The Wall Street Journal published an op-ed column by
Andy Stern yesterday. For those who don't know, the WSJ informs us: "Mr.
Stern was president of the Service Employees International Union (SEIU)
and is now a senior fellow at Columbia University's Richman Center."
The title of the column: "China's Superior Economic Model". It's simultaneously horrible and fascinating. It is a paean to central planning, an idea that keeps rising from the grave, even after Hayek and his followers drove stake after stake into its heart. For True Believers, it's a dream that they never woke up from. Sample:
The conservative-preferred, free-market fundamentalist, shareholder-only model—so successful in the 20th century—is being thrown onto the trash heap of history in the 21st century. In an era when countries need to become economic teams, Team USA's results—a jobless decade, 30 years of flat median wages, a trade deficit, a shrinking middle class and phenomenal gains in wealth but only for the top 1%—are pathetic.Of course, Stern and his ilk were never fans of the free-market back in the 20th century. It's only now that they're admitting that it was "so successful".
It should be noted: Andy Stern is in the mainstream of "progressive" thought, and (what's more) a true Friend of Barack: his union devoted a pile of money to get Obama elected, and, back in 2009, it was revealed that Stern visited Obama 22 times between Inauguration and July 31, more than any other visitor. It's fair to ask: how much of this Stern nonsense does Obama buy?
Stern's column is worth refuting, but it's also worth examining how it came to be, and how it fits in with "progressive" thought.
If you read Stern's column, you'll want to check out the reactions.
Here's Geraghty, from his Morning Jolt e-mail (to which you should
Stern's column, by the way, was the result of a trip organized by the China-United States Exchange Foundation and the Center for American Progress. So a big lefty organization is organizing trips for lefty movers and shakers to go to China and find themselves raving about how well Beijing is running things and how we have to adopt their methods.Stern doesn't actually say "I have seen the future, and it works," but he's in the sad tradition of dupes who did.
(If you follow some of these links, you'll note I'm not alone at drawing that parallel.)
Pethokoukis judges that Stern has written "one of the worst WSJ
op-eds ever." He makes the Steffens point, but also seven quick
refutations. Here's one:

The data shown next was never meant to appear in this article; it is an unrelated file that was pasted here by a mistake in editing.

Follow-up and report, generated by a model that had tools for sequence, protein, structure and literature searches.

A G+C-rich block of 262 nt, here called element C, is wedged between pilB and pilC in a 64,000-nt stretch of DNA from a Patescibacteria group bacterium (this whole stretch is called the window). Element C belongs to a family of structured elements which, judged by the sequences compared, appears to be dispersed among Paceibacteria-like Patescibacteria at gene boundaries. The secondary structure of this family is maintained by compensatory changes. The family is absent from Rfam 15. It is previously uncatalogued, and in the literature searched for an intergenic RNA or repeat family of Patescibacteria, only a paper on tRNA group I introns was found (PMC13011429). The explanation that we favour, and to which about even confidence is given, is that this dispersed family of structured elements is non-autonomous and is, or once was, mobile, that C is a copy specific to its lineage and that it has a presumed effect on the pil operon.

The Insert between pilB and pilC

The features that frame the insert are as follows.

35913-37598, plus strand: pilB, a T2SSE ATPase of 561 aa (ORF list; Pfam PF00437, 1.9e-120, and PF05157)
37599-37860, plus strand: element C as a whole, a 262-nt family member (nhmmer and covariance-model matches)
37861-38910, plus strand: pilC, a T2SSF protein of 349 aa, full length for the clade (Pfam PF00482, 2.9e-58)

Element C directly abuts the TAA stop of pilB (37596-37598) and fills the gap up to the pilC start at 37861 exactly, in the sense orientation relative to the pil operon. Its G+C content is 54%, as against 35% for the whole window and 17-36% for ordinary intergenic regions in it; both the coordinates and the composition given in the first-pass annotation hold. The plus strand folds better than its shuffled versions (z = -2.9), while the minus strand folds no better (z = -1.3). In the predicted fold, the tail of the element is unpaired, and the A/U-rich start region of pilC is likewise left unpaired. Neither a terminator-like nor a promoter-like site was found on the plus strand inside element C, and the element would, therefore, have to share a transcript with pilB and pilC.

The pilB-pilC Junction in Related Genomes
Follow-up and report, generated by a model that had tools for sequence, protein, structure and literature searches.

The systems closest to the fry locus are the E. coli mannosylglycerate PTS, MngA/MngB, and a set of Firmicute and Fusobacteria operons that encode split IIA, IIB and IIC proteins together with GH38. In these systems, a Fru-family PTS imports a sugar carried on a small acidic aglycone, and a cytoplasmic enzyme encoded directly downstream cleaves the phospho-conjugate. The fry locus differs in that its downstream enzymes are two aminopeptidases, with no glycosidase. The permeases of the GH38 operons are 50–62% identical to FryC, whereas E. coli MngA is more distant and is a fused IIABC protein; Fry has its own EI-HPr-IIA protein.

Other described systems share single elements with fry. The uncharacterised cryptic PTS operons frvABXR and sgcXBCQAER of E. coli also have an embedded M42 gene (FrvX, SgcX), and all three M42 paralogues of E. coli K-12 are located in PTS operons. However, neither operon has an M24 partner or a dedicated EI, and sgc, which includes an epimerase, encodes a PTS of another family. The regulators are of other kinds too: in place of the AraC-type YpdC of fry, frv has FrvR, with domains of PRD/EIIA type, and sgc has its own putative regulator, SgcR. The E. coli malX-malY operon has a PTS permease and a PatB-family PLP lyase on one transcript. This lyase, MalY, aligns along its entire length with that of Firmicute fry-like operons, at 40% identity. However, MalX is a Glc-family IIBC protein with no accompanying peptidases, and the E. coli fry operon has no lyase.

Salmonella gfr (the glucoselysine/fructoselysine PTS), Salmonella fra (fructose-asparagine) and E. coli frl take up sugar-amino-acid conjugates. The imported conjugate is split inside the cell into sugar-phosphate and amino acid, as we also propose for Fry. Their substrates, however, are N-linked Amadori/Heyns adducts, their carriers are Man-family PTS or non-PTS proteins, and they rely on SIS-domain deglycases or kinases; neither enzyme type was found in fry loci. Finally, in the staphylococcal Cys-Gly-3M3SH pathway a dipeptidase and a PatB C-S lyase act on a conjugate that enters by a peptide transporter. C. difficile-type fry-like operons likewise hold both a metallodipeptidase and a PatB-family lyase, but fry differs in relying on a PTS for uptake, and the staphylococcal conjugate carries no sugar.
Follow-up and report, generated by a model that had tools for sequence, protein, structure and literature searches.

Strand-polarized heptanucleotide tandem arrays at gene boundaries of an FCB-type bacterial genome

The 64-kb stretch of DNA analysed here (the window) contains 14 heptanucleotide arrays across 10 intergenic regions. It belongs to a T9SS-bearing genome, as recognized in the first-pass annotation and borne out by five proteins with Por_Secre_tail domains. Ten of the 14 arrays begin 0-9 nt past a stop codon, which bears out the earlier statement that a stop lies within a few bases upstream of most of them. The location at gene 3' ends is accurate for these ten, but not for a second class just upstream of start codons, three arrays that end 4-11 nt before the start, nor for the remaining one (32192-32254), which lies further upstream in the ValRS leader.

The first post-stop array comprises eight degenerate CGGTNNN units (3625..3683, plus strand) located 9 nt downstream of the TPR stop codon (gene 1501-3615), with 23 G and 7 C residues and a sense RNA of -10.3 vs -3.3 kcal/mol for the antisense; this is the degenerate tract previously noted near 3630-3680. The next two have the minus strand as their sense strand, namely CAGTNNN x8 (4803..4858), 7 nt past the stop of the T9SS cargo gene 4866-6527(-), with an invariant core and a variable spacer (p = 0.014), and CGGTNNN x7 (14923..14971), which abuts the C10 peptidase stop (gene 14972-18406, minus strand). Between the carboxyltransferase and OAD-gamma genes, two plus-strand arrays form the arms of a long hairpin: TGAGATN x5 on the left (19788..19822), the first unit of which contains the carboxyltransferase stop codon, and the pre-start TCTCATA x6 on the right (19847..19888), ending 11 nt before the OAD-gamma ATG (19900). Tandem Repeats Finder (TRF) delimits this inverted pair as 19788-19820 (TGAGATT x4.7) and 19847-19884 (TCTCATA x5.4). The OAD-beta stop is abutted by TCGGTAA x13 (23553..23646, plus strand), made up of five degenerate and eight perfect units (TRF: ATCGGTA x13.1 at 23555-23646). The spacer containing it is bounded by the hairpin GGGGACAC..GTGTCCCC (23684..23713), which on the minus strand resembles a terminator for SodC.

Last time, I checked, the U.S. is 6-10 times as wealthy as China on a per capita GDP basis. On a purchasing power parity basis, China sits between Bosnia and Herzegovina and Albania.
Kaminsky says that Stern's column reminds him of something more
recent than Lincoln Steffens: the hullabaloo about another Oriental
Menace that was going to eat America's lunch back in the 80's, Japan:
As someone who was studying economics in college in the mid-1980s, I endured countless comments about how American corporations' narrow focus on "next quarter's earnings" (as if that were true) was congenitally inferior to the longer-term view supposedly taken by Japanese companies.As it turned out, except for Alex Trebek, we're not all working for the Japanese. But Stern's primary goal isn't to claim that about the Chinese: now, as then, the purpose is to scare people into taking more and more economic decision-making power out the hands of private individuals, and putting it into the always-willing hands of politicians and government bureaucrats.
At the CEI's OpenMarket.Org blog, Matt
Patterson (after making his Steffens reference)
isn't the least bit happy:
Mr. Stern and his allies in the labor movement have for decades done everything they can to crush the freedom and profitability of private enterprise, enriching themselves as they plunge the economy into enervation. Yet Stern the gall to tell us that freedom has failed American workers? The Journal should be ashamed for publishing such vile communist propaganda.I disagree with that last bit: the WSJ is on the side of the angels here, giving Stern's column an audience well-prepared to tear it, deservedly, to shreds. Had it appeared in the Daily Worker, it might have only drawn cheers from the pinkos. Know your enemy, Matt.
Goldberg is very good at tying the Stern column to (guess what?) the
long and ongoing tradition of
Fascism. Among his observations:
Stern sees the Chinese government’s allegedly keen ability to “plan” its way to prosperity as the new model for America. It is an argument of profound asininity. China had five-year plans before it started getting rich. Under the old five-year plans, China killed tens of millions of its own people and remained mired in poverty. What made China rich wasn’t planning, it was the decision to switch to markets (albeit corrupt ones). The planners were merely in charge of distributing the wealth that markets created.Being in charge of wealth-distribution is a tempting job. Methinks Stern is polishing his resume.